Elinor Brass is an artist. She also happens to be an art teacher, who found it hard to fit her own practice around her teaching duties.
This is why she set up Sketchbook Circle, a monthly sketchbook exchange between Artist Educators across the UK. We interview Elinor about how it works, why it's important to have that creative conversation, and why other artist educators should sign up for 2016.
What inspired you to start Sketchbook Circle?
I did my masters part-time whilst teaching full-time early on in my career, and I learnt to become quite disciplined in my making, keeping my skills and my ideas moving. Once that was completed, I missed the chance to connect with other makers and also found it tough to keep up my practice alongside a busy life as a teacher. With another friend, who is also an artist educator, we decided we would seek a new way to commit to our practice and brought together a group of people we knew in education, who were also committed to making work, and arranged them into our first sketchbook circle. The idea being that we would collaborate, exchange and inspire one another.
How does the project work?
The circle is organised at the beginning of the year. This year we have 175 artist educators from around the country involved. Everyone buys a sketchbook, small enough to fit through a letterbox, which they then make some work in (or record larger work in.) They then post it to the person next to them in the circle (everyone posts in the same direction.) So everyone sends a book and everyone receives a book. The person receiving the book has one month to make work in response to what they have received, and then posts it back to the original sender. It means that the members are having an in-depth conversation with two artists over a year, but everyone is connected via a large circle. We use Facebook to post snippets of work to share and it is a really active and supportive group. We also have events that happen across the country. For example, currently Sketchbook Circle have an exhibition at The Baltic in the North East and in February there will be an exhibition of the 2015 circle at Gerald Moore Gallery in London. Alongside this there will be workshops, the chance for people to meet their sketchbook partners and to make connections with other artist educators from all over the country. This year we have developed a monthly mailout which is curated by a different artist educator each time. We have sent out fun art materials or posted some exciting resources and these have been really well received by participants.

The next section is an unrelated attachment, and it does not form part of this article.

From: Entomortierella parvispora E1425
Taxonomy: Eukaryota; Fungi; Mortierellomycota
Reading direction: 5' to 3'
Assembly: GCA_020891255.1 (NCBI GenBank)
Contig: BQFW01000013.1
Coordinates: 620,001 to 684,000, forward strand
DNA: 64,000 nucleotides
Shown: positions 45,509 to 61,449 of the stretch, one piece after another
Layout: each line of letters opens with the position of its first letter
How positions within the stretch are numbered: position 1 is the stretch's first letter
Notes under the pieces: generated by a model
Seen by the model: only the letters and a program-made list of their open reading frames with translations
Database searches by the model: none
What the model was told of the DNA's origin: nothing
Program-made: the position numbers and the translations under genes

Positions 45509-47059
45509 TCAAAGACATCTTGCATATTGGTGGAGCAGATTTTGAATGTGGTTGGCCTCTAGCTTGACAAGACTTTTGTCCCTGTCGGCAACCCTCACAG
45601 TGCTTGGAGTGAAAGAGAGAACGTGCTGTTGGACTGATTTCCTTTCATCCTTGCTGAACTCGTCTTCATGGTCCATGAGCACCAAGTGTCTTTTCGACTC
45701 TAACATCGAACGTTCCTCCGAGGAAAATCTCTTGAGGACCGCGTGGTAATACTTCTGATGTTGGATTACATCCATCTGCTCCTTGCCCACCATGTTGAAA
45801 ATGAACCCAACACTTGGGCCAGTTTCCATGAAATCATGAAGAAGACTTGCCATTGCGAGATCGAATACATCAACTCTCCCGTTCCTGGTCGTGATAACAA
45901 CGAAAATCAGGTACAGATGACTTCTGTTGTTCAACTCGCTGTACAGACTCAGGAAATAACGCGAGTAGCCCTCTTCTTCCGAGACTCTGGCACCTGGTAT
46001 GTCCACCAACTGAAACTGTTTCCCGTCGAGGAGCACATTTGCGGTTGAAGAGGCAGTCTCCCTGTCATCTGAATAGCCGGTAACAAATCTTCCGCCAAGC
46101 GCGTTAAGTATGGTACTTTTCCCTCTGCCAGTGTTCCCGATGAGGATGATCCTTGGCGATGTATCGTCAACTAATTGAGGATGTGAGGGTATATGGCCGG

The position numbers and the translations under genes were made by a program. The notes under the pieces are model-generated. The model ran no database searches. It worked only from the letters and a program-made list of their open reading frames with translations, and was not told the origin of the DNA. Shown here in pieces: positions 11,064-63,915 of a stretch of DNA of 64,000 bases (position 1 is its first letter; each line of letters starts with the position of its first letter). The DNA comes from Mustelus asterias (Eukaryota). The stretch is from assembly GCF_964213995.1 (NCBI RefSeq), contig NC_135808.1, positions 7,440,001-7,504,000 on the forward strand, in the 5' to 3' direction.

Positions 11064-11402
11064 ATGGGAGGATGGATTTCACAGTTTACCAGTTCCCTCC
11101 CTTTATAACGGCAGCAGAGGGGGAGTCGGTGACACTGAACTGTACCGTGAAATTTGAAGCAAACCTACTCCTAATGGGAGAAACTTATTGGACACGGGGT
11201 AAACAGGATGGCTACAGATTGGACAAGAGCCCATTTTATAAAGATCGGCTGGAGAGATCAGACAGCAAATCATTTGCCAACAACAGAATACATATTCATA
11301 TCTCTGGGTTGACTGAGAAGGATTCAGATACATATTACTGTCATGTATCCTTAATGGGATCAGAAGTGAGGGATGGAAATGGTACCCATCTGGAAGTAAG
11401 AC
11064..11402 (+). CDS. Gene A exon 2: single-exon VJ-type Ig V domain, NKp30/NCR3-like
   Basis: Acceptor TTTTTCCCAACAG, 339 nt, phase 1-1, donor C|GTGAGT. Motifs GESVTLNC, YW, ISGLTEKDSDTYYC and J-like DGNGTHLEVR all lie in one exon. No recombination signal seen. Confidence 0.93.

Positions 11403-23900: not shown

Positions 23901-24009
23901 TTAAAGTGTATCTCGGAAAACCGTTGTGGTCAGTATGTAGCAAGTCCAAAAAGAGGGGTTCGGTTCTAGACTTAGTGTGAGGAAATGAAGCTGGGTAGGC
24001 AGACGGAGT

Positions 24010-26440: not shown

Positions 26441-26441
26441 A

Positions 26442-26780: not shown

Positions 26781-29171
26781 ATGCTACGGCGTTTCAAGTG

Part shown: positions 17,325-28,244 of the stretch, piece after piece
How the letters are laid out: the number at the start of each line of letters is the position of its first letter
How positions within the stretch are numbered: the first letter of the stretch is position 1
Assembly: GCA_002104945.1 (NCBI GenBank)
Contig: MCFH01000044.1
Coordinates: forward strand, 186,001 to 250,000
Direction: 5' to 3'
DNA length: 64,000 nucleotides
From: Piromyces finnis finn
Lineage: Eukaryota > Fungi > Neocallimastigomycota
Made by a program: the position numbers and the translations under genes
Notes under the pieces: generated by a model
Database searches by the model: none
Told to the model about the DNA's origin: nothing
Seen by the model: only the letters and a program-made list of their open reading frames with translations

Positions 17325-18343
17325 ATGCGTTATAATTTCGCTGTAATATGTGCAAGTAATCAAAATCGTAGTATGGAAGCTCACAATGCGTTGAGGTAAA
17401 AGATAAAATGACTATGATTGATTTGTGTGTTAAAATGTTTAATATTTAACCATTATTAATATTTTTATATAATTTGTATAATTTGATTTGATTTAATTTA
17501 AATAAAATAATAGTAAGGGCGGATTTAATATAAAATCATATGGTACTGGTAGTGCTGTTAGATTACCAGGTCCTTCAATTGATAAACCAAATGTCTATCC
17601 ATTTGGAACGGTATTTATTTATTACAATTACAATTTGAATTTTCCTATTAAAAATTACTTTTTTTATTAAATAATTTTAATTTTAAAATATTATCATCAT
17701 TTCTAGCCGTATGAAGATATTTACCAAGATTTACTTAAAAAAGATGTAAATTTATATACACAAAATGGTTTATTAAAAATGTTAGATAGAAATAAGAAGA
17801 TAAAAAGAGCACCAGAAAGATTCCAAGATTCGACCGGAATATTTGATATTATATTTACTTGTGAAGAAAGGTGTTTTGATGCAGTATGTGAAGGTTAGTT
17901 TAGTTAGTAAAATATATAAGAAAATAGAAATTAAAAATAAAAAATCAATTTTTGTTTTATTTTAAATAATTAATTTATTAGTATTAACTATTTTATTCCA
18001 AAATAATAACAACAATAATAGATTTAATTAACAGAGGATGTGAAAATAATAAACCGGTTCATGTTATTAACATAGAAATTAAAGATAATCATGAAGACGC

Why do you think these kind of collaborative projects are so successful?
I suppose part of it is that there is never enough time to make when you are a teacher, as there is always something else that you should be doing! But by committing to the project you are actually saying that you are going to commit to your own practice and your own well-being. And if you don't make something - however small - you are letting your partner down too, which helps people to find time. The supportive nature of the group is very powerful too; many of those involved have indicated how important it has been to them both as artists and as teachers. The sketchbooks are used in lessons, and teachers have set up circles for their students, and for other teachers in their school (non-artists too). With creative subjects very much under threat in schools it has kept people connected to others who can offer advice and encouragement.
Do you have a favourite kind of sketchbook?
I am a bit of a kraft paper fan and so often that is what I choose to start with for sketchbook circle.
Why should someone join Sketchbook Circle for 2016?
I find that it's exciting to receive something that you have to react to. It means that you don't only make what is comfortable or obvious. I think it is about investing in your own making, connecting with others and it is so lovely to get exciting things through the post each month!
Visit the Sketchbook Circle website to join for 2016. To register your interest, email email@example.com before the end of 2015.
Shop for sketchbooks and sketch pads online at Cass Art.
If you too are an Artist Educator, you can sign up for a Viridian Card at Cass Art, which gives artist educators discount for life and contributes to The Sorrell Foundation.